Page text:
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How Sensitivity and Specificity Affect Predictive Values

Presumably you're here because you looked at the predictive values as the the sensitivity of the MDQ changed, and what you saw was not what you expected.  Let me walk you through some calculations I did trying to convince myself I hadn't made a math error.  This is primarily a set of notes in case I ever needed to try to explain this logic to someone -- e.g. to see if it is correct!  

Let's take a hypothetical lab test and vary the sensitivity and specificity to extremes, just to see what's going on.  Remember for the MDQ we saw this pair of graphs for two different studies: 

                                      1. MDQ Hirschfeld 2000  ( sens 0.73, spec 0.90)             2. MDQ Hirschfeld 2003 ( sens 0.28, spec 0.97)

       

Imagine what you'd see if you did the same analysis for: 

Wouldn't you expect to see mirror image effects on positive and negative predictive value?  That's what I expected.  But that's not what happens: 

               Sensitivity 0.5, Specificity 1.0                                        Sensitivity 1.0, Specificity 0.5

  

Why does negative predictive value seem to be so minimally affected by cutting sensitivity in half?  Wasn't "sensitivity" supposed to refer to false negative rate?  Wouldn't that strongly affect negative predictive value? 

And conversely, why does positive predictive value go down so dramatically when specificity is cut in half?  Why is it affected so much more than negative predictive value?

To answer these questions, I found it useful to look at the 2x2 table results from which the graphs were generated.  While we hold prevalence at a middle value of 0.3, compare what happens to the predictive values as the sensitivity and specificity are radically varied.  Scroll down so that you can see examples A and B below on the same screen.  If you need a review of a/a+c versus d/c+d and all that, here's a review of those relationships

A. Sensitivity 0.5, Specificity 1.0

gold standard positive gold standard negative positive predictive value negative predictive value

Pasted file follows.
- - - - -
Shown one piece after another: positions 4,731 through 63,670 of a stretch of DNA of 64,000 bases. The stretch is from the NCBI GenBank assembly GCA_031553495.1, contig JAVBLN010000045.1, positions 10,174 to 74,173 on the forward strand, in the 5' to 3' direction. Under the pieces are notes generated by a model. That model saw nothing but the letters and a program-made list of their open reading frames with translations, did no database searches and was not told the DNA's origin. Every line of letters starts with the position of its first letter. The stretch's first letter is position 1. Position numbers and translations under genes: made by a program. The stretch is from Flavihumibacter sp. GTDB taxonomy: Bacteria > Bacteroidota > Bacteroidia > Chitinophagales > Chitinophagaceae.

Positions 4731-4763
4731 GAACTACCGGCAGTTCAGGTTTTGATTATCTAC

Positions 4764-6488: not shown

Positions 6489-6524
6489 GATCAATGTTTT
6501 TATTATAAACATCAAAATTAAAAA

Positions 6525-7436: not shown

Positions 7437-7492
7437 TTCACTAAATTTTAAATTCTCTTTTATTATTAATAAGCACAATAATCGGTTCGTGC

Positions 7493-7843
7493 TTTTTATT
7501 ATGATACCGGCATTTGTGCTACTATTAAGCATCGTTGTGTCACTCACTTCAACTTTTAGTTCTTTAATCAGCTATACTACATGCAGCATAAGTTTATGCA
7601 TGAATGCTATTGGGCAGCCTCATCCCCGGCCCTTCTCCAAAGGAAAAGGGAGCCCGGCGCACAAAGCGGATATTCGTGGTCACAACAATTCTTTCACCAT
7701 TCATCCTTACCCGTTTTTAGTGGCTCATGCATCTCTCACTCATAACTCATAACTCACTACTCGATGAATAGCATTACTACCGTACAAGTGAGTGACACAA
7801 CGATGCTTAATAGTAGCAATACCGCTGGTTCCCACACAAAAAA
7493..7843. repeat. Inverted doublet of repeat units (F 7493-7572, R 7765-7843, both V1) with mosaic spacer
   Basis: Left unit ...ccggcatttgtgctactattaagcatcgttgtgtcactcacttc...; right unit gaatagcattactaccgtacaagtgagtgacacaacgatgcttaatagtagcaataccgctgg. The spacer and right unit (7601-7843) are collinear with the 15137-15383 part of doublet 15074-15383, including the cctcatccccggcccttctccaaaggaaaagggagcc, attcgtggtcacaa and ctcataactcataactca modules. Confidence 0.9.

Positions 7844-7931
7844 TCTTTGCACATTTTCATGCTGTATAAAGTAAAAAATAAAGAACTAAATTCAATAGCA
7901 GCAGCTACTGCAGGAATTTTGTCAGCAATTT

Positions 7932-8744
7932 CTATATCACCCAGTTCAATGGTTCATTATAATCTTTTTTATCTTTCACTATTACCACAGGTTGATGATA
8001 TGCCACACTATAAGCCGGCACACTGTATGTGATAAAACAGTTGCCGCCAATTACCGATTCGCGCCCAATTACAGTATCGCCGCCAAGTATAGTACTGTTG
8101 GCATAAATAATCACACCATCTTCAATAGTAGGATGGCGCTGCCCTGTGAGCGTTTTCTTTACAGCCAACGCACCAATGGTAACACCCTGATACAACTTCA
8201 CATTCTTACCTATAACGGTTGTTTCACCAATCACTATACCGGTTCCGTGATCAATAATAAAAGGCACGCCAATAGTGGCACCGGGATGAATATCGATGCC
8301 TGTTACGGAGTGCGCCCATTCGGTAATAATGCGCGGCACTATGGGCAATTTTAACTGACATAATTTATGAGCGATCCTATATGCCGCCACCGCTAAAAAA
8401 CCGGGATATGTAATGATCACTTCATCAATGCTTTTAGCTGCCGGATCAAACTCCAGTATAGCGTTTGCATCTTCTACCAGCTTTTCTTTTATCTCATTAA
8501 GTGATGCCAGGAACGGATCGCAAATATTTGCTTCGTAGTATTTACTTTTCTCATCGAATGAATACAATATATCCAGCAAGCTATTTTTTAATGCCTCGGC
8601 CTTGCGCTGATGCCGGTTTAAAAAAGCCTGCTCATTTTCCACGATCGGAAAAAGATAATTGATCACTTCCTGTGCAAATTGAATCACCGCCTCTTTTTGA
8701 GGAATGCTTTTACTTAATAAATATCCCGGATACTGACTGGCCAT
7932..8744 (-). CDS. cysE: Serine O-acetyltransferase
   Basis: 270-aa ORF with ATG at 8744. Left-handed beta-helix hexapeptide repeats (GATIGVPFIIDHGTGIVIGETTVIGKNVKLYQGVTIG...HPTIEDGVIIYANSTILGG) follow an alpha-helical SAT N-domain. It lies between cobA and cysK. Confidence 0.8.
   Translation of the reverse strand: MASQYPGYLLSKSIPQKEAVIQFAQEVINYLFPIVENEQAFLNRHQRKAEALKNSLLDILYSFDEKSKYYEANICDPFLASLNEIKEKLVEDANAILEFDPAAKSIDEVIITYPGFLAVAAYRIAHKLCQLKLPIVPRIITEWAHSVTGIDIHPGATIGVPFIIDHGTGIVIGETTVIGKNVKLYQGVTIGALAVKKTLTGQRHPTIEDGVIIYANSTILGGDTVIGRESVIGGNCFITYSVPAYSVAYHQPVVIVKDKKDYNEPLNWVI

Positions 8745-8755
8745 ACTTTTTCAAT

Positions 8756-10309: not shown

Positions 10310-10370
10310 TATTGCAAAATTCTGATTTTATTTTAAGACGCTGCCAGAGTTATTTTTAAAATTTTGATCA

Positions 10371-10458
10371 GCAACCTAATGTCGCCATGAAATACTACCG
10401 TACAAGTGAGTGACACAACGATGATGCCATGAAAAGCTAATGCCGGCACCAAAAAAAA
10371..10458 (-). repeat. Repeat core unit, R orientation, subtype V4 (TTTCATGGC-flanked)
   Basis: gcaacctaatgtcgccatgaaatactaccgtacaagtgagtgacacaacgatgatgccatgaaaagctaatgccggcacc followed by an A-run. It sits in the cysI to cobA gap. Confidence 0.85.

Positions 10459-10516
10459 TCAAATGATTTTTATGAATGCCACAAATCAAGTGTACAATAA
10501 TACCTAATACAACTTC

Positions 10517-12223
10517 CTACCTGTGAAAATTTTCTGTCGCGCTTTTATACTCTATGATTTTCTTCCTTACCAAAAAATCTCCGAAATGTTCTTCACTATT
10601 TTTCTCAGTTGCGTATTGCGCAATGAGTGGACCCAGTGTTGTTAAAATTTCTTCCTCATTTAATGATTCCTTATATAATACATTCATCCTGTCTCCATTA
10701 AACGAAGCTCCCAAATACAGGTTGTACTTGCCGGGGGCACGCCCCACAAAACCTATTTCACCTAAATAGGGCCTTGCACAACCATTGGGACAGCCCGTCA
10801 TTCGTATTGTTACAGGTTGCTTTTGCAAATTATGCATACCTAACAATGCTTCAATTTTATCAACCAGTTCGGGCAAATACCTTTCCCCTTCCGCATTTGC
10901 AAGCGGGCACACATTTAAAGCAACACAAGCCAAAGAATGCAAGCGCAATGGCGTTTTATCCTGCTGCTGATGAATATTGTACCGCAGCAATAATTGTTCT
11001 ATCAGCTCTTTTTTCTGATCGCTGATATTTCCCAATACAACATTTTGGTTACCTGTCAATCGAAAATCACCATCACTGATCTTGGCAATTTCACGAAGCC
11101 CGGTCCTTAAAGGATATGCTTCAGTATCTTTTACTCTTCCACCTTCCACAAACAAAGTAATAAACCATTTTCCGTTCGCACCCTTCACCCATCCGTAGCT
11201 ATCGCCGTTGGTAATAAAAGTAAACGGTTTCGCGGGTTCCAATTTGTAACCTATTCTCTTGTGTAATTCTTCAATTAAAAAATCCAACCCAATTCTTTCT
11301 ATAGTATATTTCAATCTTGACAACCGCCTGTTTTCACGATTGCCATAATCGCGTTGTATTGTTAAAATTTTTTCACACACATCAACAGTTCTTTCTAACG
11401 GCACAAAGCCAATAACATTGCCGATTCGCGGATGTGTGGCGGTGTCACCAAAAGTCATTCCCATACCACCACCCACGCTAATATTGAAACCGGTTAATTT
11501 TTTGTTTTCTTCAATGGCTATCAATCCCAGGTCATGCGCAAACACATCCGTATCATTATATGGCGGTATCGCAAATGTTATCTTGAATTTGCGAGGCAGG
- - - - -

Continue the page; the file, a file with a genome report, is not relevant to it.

test positive 150 0 1.00
test negative 150 700 0.82
sum 300 700

B. Sensitivity 1.0, Specificity 0.5

gold standard positive gold standard negative positive predictive value negative predictive value
test positive 300 350 0.46
test negative 0 350 1.00
sum 300 700

Just to make sure we're on the same page, the question we're trying to answer here is why positive predictive value is so much more dramatically affected (0.46 in B) than negative predictive value (0.82 in A).

You've probably already spotted the big difference, and it is hard to explain in words.  In case you can't just "see" the answer to our question here, I'll try to help:   although the prevalence is the same in each example (see that? -- in the "sum" figures?), the way the patients get split up in the 4 cells is very different in A versus B.   I'll let you puzzle it from there, to see why the graphs end up looking like this (it took me a while):

                Sensitivity 0.5, Specificity 1.0                                        Sensitivity 1.0, Specificity 0.5

At least by doing this I was able to satisfy myself that I'd not made some sort of dumb* error.  (If you think so, let me know).  Instead, it looks like: 

Had enough? 

 

*(at one point I thought, ah, you dummy, it's a linear mirror relationship, you're just looking at one side of the graph -- from 0.1 to 0.5; but it's not linear, nor is it quite a mirror image: here's the rest of that curve.  One of the reasons this all looks so odd, above, is that we don't do tests for illnesses that have a prevalence near 1.0! i.e. we wouldn't have a reason to look at that end of this relationship)  

                            

Some math type, who's having a good laugh right now, can tell me later why it's not linear or mirrored).